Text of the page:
Process of drafting legislation
Drafting a piece of legislation is a lengthy process which takes time as it goes through various stages before and after it is submitted to Parliament before it is called an Act. This article sheds some light into the processes followed when drafting new or amending laws in South Africa.
Legislation needs to follow time-consuming processes which are put in place, some of which are determined by the Constitution and others by means of Parliamentary rules and other prescripts. This ensures that the end product is without flaw from a constitutional perspective and from an implementation point of view.
What is a Bill?
A Bill is a draft Act which has not been approved by Parliament. In its early stages, before a new law gets tabled in Parliament and even when it is tabled in Parliament it is called a Bill. The Bill is a proposed law under consideration by the legislature and it does not become an Act of Parliament or a Provincial Act until it is passed by either by Parliament or the Provincial Legislature in question and is signed either by the
President or the Premier of the province. Once a Bill is enacted into law, it is called an Act.
Who initiates the process?
Proposals for new or amending legislation can be initiated by any individual or groups of persons. Usually proposals for legislation come from the courts, the South African Law Reform Commission, government departments, lobby groups and NGO’s to mention a few. These proposals are investigated and drafted by officials in the legislative unit of the Department of Justice and Constitutional Development. This process involves various institutions which are directly impacted by the drafting of such legislation.
Before a Bill is tabled in Parliament, the following steps usually take place:
- The Bill goes to the relevant Cabinet Committee
and thereafter to Cabinet for approval.
- Once Cabinet has given its approval, it is then released for public comments.
- Once comments have been received, the
department and ministry make the necessary
changes as a result of public input.
- The draft Bill, as amended as a result of
the consultation process, then goes back to
Cabinet for approval.
- After Cabinet has approved that the Bill be submitted to Parliament, it is then sent to the State Law Advisers. The State Law Advisers are required to ensure that the Bill is in line with the Constitution, the law in general and the prevailing norms and standards applicable to legislation.
Once the Bill has been tabled in
Once the Bill has been tabled or “introduced” in Parliament, it will be given a number, for example “B7 of 2011”, and goes through the processes in Parliament until it is approved and becomes law, referred to as an Act. The following is a summary of the steps in the Parliamentary process:
- The Bill is usually referred to the Speaker
of the National Assembly (NA) who will refer
it to the relevant Portfolio Committee for
- The Portfolio Committee considers the Bill
after taking a presentation from a department
on the Bill and then asks for public comment.
When the Portfolio Committee considers
the Bill, it is regarded as the best time to
lobby for changes or to protest against the
principles contained in the Bill. Once the
Committee has made changes and asked
for clarity, it will send a report on its findings
to the National Assembly, together with the
Bill as amended.
- The National Assembly considers the Bill
and then votes on it with the changes made
by the Portfolio Committee.
- The Bill then goes to the National Council of Provinces (NCOP) where the appropriate Select Committee in the NCOP considers the Bill often in the same manner as the NA’s Portfolio Committee.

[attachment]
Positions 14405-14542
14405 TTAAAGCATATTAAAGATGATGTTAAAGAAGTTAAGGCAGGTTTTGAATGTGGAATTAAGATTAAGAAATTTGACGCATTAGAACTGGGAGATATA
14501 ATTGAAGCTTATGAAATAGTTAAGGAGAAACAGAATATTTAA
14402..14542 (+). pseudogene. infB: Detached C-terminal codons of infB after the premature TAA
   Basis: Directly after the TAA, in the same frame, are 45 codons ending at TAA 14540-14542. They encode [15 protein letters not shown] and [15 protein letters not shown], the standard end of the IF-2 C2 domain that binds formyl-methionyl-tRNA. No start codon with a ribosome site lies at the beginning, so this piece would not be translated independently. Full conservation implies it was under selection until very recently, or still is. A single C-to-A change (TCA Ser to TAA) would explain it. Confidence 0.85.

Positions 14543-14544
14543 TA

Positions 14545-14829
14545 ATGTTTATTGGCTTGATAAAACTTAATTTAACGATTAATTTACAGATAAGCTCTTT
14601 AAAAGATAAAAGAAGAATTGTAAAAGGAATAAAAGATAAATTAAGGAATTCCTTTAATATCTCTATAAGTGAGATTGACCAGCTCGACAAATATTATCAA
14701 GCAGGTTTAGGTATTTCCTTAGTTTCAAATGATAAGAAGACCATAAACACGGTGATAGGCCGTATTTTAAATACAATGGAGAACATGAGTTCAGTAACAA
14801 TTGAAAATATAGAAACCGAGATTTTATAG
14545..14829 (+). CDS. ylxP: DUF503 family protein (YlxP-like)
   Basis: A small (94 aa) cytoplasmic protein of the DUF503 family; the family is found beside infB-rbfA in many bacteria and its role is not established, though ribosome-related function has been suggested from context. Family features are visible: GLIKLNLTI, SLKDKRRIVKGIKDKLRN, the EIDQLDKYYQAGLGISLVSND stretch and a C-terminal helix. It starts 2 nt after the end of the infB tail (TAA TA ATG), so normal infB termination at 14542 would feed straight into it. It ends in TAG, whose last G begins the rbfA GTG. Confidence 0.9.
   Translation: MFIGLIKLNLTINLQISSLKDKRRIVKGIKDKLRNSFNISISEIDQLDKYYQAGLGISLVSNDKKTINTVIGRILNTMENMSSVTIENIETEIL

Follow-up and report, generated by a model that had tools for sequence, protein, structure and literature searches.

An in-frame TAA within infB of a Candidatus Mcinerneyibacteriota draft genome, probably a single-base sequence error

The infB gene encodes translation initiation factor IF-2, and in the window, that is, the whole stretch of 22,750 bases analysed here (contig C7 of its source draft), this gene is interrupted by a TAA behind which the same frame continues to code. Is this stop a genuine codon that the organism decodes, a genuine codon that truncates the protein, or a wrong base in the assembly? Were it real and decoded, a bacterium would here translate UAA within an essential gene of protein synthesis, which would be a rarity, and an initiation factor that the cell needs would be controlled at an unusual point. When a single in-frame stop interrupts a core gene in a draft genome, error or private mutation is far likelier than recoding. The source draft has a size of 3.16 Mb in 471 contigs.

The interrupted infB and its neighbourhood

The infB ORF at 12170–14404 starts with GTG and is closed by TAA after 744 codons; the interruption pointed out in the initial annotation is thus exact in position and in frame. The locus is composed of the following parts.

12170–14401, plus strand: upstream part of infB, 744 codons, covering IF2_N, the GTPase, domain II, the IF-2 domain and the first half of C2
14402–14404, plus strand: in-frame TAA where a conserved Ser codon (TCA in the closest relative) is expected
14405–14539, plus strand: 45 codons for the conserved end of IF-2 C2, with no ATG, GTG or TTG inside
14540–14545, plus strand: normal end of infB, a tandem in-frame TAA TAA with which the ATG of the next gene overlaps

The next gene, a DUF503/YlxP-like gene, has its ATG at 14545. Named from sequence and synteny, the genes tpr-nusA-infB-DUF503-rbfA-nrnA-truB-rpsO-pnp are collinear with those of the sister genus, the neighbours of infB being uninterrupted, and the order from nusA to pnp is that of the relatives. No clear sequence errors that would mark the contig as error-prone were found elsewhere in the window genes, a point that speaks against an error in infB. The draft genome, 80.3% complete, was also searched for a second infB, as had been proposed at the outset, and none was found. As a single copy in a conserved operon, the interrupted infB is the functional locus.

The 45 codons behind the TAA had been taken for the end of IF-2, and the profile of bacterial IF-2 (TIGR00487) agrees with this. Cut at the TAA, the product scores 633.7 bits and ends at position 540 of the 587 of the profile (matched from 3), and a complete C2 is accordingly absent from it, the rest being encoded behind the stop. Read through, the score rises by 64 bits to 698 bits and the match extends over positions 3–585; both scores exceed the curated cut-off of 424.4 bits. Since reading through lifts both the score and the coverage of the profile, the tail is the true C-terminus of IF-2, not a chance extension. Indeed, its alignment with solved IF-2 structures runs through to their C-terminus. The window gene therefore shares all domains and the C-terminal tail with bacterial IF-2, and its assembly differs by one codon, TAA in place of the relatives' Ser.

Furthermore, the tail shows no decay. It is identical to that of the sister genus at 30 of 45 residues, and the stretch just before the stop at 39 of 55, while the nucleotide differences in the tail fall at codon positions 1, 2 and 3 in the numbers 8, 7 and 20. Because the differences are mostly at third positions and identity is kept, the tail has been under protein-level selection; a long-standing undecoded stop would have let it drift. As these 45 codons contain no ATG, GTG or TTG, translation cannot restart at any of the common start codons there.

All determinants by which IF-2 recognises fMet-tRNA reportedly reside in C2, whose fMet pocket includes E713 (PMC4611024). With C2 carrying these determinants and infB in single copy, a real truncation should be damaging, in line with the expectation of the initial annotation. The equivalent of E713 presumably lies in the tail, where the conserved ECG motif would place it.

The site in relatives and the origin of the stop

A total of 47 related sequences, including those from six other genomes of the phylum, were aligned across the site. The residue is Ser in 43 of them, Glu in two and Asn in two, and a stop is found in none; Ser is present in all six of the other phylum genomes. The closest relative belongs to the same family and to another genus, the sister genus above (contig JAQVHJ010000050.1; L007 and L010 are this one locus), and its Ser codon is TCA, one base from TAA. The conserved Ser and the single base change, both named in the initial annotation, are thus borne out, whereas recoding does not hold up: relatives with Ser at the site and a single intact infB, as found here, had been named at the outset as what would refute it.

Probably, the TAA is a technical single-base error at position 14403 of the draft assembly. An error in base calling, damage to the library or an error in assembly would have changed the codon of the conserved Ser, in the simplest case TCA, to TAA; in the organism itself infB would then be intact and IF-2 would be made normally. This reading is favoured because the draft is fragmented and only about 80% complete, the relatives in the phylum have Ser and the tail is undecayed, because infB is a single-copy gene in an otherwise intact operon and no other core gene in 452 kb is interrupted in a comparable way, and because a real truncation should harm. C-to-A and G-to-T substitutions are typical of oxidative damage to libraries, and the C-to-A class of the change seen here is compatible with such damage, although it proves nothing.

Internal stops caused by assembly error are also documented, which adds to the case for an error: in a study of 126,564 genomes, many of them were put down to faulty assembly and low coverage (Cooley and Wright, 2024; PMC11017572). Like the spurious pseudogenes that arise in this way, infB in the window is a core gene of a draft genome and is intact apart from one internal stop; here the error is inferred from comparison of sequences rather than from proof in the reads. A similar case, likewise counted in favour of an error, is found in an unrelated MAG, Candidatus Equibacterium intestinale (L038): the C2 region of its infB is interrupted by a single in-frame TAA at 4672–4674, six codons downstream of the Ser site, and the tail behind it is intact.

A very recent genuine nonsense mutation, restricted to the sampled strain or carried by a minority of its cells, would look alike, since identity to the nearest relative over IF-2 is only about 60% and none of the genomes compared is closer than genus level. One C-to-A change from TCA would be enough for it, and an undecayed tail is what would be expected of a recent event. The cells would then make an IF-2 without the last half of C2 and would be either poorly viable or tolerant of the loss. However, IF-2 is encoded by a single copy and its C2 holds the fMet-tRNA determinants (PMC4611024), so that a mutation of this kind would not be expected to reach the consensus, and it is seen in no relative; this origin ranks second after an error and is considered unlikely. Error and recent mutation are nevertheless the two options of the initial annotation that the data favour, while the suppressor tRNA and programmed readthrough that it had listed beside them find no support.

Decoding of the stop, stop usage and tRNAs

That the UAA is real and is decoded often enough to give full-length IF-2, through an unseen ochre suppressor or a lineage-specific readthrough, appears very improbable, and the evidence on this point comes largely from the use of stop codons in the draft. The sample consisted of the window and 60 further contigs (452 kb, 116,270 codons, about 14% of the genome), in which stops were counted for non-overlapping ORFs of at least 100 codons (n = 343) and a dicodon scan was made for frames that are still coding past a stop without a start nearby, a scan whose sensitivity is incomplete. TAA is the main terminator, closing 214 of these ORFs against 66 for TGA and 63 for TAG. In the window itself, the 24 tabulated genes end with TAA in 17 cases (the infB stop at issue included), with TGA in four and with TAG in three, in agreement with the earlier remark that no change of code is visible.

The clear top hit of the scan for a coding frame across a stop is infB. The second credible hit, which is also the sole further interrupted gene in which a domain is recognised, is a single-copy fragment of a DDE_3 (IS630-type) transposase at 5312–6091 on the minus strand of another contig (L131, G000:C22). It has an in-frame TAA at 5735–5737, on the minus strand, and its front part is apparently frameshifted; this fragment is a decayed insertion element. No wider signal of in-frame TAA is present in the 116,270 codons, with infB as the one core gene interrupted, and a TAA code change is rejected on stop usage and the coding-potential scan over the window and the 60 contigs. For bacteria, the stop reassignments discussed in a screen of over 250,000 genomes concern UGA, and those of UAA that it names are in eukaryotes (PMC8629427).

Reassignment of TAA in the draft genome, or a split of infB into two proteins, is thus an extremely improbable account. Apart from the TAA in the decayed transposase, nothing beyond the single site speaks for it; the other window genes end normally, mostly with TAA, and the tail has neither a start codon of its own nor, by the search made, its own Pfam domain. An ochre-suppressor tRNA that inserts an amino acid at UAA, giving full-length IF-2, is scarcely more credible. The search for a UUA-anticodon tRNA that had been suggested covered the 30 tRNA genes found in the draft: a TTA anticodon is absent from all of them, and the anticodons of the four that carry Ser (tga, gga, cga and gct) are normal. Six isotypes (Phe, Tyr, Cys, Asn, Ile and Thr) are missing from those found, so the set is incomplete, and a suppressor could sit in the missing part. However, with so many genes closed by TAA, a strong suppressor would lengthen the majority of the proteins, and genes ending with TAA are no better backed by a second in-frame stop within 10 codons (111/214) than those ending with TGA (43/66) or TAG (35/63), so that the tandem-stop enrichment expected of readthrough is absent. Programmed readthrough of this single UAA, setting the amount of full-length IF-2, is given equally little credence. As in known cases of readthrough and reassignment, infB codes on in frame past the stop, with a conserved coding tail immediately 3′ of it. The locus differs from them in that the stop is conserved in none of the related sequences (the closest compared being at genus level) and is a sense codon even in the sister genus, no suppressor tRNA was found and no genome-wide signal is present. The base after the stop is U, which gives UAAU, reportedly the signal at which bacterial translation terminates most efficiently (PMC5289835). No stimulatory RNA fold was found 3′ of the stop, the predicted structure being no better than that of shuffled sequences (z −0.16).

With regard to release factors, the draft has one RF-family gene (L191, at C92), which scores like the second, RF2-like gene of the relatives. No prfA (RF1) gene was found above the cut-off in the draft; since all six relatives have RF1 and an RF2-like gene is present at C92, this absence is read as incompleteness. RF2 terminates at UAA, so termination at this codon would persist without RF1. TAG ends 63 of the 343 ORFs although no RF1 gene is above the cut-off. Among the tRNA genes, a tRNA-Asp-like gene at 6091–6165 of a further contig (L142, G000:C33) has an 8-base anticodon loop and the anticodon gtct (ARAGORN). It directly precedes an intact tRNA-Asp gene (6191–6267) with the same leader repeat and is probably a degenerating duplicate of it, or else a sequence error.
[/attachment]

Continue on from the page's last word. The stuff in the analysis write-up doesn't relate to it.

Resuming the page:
After the Bill has been approved by both
Houses of Parliament
After the Bill has been approved by both Houses of Parliament, it is sent to the President for approval as required by the Constitution. The Bill, as approved by Parliament, is then published in the Government Gazette as a new Act.
In many cases, possibly in all the Bills, there is a need
for detailed processes and procedures to be spelt out
in subordinate legislation, rather than cluttering the Bill
with such fine detail. The subordinate legislation is also referred to as “secondary legislation” or “delegated legislation”. This category of legislation is usually in the form of rules or regulations.Parliament can and does delegate some of its law-making responsibilities to another functionary or body, usually the Cabinet member responsible for the administration of the legislation in question.
This delegation must, however, be spelt out very clearly in the Bill, providing very specifically what can be dealt with by the minister in rules or regulations. Failure by the minister to stick within the limits or boundaries set out in the Bill could lead to the rules or regulations being declared invalid by a court of law.
Where there is a need for subordinate legislation, the commencement or operationalisation of the legislation is put on hold until the required subordinate legislation is in place and all the required personnel, financial and infrastructural requirements have been taken care of. As a result, some laws only become operational a while after they have been approved by Parliament.
The main reason why legislation takes so long to be enacted into an Act is the procedures and processes to be followed before and after a Bill is submitted to Parliament for consideration. This is due to the fact that legislation has far-reaching implications for the citizens of South Africa, and even beyond its borders, hence it should not and cannot be rushed.
In the interest of all South Africans, departments are required to follow the steps outlined above in preparing their legislation. Failure to do so could result in the legislation being declared invalid by a court of law.
By Adv Lawrence Bassett
Justice Today 2012, Issue 1, p08